The Government is providing $6.5 million to a programme that will grow and retain the numbers of Māori in the research, science and innovation workforce.
Research, Science and Innovation Minister Dr Ayesha Verrall said growing a research workforce in which the perspectives and expertise of Māori are well represented is a key part of government policy.
“Māori researchers at the beginning of their careers in research institutes are often under pressure to work two roles – their research role and additionally, a frequently unpaid role to provide cultural leadership. With few Māori research mentors to guide them through these unique and added pressures, Māori researchers can experience burn-out and leave the research workforce.”
The Māori-led programme, named Kanapu, will develop a suite of initiatives to connect and retain Māori talent in the research workforce, aiming to grow the numbers of Māori in it and help address the unique pressures they face.
“Kanapu, means ‘lightning’ or ‘instantaneous glow’ and it will create programmes that connect Māori researchers across research institutions, including those in iwi and hapū communities. It will help Māori researchers at different career stages to flourish through mentoring and training initiatives.
“We are seeing more opportunities where mātauranga Māori experts can contribute distinct thinking on issues such as climate change. Kanapu will help to retain and expand these skills, and will build a strong foundation for the future of research and innovation.”
Kanapu is funded out of the initiative “Expanding the Impact of Vision Mātauranga”, from Budget 2020, where $33 million was allocated towards attracting and growing Māori talent in the research, science and innovation sector.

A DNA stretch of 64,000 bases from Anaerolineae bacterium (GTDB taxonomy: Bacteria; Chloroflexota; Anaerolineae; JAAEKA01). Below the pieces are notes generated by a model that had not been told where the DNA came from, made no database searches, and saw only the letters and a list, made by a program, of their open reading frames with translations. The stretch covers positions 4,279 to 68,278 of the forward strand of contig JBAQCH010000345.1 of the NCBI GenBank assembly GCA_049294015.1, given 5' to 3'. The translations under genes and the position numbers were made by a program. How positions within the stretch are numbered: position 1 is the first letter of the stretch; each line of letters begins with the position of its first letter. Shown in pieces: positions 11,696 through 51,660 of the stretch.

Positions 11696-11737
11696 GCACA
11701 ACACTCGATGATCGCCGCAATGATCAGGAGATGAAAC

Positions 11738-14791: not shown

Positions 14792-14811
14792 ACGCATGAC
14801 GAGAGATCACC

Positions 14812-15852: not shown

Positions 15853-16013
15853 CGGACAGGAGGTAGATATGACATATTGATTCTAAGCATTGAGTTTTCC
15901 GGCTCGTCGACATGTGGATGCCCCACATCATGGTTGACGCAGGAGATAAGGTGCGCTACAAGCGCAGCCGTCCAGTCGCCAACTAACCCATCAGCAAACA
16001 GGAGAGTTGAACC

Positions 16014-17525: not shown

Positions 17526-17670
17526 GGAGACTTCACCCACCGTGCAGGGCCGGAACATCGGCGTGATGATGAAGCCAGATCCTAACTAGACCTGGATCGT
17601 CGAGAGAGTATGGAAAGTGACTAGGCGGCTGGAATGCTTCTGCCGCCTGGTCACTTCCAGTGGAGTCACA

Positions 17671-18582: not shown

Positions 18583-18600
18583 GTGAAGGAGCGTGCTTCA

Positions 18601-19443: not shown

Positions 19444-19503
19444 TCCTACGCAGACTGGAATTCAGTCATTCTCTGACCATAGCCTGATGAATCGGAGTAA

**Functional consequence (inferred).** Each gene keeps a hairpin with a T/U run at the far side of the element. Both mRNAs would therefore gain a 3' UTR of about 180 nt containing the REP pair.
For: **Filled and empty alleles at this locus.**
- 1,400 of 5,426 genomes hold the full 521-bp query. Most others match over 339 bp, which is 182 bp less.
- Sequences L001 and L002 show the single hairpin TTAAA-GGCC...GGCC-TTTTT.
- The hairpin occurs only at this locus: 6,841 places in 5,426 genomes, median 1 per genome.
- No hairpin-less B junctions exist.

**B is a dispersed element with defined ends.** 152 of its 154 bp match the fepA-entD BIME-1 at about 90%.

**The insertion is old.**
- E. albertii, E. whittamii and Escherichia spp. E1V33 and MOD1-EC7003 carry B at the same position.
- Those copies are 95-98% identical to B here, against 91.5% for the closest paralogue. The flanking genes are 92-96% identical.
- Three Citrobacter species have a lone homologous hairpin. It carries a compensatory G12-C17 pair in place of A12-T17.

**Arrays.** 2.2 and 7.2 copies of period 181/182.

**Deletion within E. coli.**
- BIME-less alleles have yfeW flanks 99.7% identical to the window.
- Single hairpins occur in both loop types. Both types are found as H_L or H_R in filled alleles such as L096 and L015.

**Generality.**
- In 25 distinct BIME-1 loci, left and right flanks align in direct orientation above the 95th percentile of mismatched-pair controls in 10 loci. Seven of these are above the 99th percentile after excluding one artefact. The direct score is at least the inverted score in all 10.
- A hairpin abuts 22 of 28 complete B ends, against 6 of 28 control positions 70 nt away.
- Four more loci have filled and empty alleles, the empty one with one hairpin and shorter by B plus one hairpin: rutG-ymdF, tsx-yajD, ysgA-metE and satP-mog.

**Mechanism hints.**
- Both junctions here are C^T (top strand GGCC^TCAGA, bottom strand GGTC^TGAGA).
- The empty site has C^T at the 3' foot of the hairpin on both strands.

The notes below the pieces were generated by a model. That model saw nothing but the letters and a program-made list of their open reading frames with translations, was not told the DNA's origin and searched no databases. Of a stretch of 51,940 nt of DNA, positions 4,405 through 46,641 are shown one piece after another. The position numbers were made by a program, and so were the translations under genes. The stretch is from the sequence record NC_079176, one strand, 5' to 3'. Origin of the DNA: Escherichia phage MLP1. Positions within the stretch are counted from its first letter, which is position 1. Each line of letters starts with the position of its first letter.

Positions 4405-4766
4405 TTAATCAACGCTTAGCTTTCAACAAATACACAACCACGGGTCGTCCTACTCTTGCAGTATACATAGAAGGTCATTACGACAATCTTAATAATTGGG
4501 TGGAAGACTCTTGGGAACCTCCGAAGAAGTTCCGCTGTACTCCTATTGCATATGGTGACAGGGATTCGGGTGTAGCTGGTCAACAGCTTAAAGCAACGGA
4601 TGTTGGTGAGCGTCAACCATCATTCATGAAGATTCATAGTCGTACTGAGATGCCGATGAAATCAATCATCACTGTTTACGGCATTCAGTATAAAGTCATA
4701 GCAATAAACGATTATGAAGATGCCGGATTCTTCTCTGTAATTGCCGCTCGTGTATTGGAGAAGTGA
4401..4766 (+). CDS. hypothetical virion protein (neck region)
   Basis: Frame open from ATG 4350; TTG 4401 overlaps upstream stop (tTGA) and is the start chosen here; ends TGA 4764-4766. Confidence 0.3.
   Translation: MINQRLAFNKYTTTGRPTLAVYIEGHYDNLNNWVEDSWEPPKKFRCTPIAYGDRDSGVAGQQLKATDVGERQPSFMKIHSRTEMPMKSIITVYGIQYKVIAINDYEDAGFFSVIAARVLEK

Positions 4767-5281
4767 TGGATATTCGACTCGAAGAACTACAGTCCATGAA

This aims to enable Māori to better navigate and participate in the research system.
The Ministry of Business, Innovation and Employment provides the funding.
The programme will be designed and delivered by New Zealand’s Māori Centre of Research Excellence, Ngā Pae o te Māramatanga at the University of Auckland. It will be supported by a team based at Te Ngira: Institute for Population Research, University of Waikato and has been assembled alongside Professor Tahu Kukutai, Co-Director of Ngā Pae o te Māramatanga.
“Importantly, Kanapu will draw on the rich mātauranga Māori expertise at Ngā Pae o te Māramatanga to create the programme. It will create Māori values-based leadership training, provide culturally relevant professional coaching for mentors, and facilitate wānanga for Māori researchers on areas at the interface of mātauranga Māori and the research, science and innovation sector.
“Kanapu is a further way the Government is strengthening the benefits that Māori knowledge, culture, values and worldview bring to the research system. This initiative will enhance the employment outcomes of Māori in the research workforce, and will benefit the whole research workforce,” Dr Verrall says.
Source: Minister of Research, Science and Innovation